Poland’s President Andrzej Duda and NATO Secretary General Jens Stoltenberg said in separate remarks on Wednesday that the deadly blast on Polish territory near its border with Ukraine was most likely caused by a Ukrainian air defense missile rather than one fired by Russian forces.
Duda said that there’s “no indication that this was an intentional attack on Poland,” according to a statement on Twitter by his office.
He added that the missile that landed near the Polish town of Przewodow, killing two and stoking fears that the Russia-Ukraine conflict could escalate and pull NATO into the war, was most likely a Russian-made S-300.
Missiles of this type are used by Ukraine as part of its air defense system, which was active amid a barrage of Russian missile strikes in western Ukraine.
“We have no evidence at this time that this missile was fired by Russian forces,” Duda continued, adding that “there are many indications that the missile came from [Ukraine’s] air defense, which unfortunately fell on Polish territory.”
Speaking in Brussels after an emergency meeting of NATO ambassadors, the alliance’s chief echoed Duda’s remarks, saying that the blast was likely caused by a Ukrainian air defense missile.
Stoltenberg added, however, that he does not consider the explosion to be “Ukraine’s fault” as Russia is “responsible for the war that has caused this situation.”
Russia has denied involvement in the blast, with the Russian Defense Ministry issuing a statement saying it hadn’t carried out any strikes against targets near the Ukrainian-Polish border, alleging that claims to the contrary were “deliberate provocations.”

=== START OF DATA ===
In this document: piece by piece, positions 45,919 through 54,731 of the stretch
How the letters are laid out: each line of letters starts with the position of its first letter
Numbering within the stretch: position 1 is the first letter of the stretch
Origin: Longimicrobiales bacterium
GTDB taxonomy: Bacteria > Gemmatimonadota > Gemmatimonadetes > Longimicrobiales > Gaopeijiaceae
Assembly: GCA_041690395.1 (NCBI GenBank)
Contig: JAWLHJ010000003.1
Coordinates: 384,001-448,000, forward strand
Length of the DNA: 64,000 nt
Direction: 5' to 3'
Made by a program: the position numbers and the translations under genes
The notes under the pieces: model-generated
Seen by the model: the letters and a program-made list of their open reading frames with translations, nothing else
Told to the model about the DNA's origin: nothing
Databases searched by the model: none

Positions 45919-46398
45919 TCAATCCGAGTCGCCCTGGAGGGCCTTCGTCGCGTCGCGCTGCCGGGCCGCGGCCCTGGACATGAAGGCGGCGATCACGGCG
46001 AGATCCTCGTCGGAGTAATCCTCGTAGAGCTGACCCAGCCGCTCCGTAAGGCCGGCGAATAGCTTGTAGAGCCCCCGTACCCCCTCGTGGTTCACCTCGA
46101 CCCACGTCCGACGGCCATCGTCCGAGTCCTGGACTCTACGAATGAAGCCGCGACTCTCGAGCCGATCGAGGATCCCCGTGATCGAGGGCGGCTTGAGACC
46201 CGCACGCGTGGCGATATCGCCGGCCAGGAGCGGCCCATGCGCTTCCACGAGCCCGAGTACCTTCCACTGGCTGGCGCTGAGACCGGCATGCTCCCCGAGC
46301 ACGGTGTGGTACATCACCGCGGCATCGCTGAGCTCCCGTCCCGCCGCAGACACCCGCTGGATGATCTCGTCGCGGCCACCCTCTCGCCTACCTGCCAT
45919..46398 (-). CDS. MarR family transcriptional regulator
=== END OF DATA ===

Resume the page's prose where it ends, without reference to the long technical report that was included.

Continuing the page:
Ukrainian President Volodymyr Zelenskyy was quick to blame Russia for the incident, posting a video on the website of the Office of the President, in which he called it a “Russian missile attack on collective security” and a “very significant escalation.”
The NATO chief said there was no indication that Russia was preparing any offensive military action against NATO, which includes Poland as one of its members.
The explosion on Polish territory came as Russia unleashed a barrage of missile strikes on Ukraine, targeting energy infrastructure in the country and causing widespread power outages.
Russia’s defense ministry said its strikes on Ukraine on Tuesday were no closer than 22 miles from the Polish border, the RIA news agency reported.
Following the blast, there was initial speculation that Poland might invoke NATO’s article 4, which provides for consultations among allies in the face of a threat to security. But in light of the evidence, Polish Prime Minister Mateusz Morawiecki said in a statement that the move is uncalled for.
“Most of the evidence collected thus far indicates that invoking article 4 won’t be necessary,” he said.
The explosion sparked global alarm that the Russia-Ukraine conflict might spill over into other countries.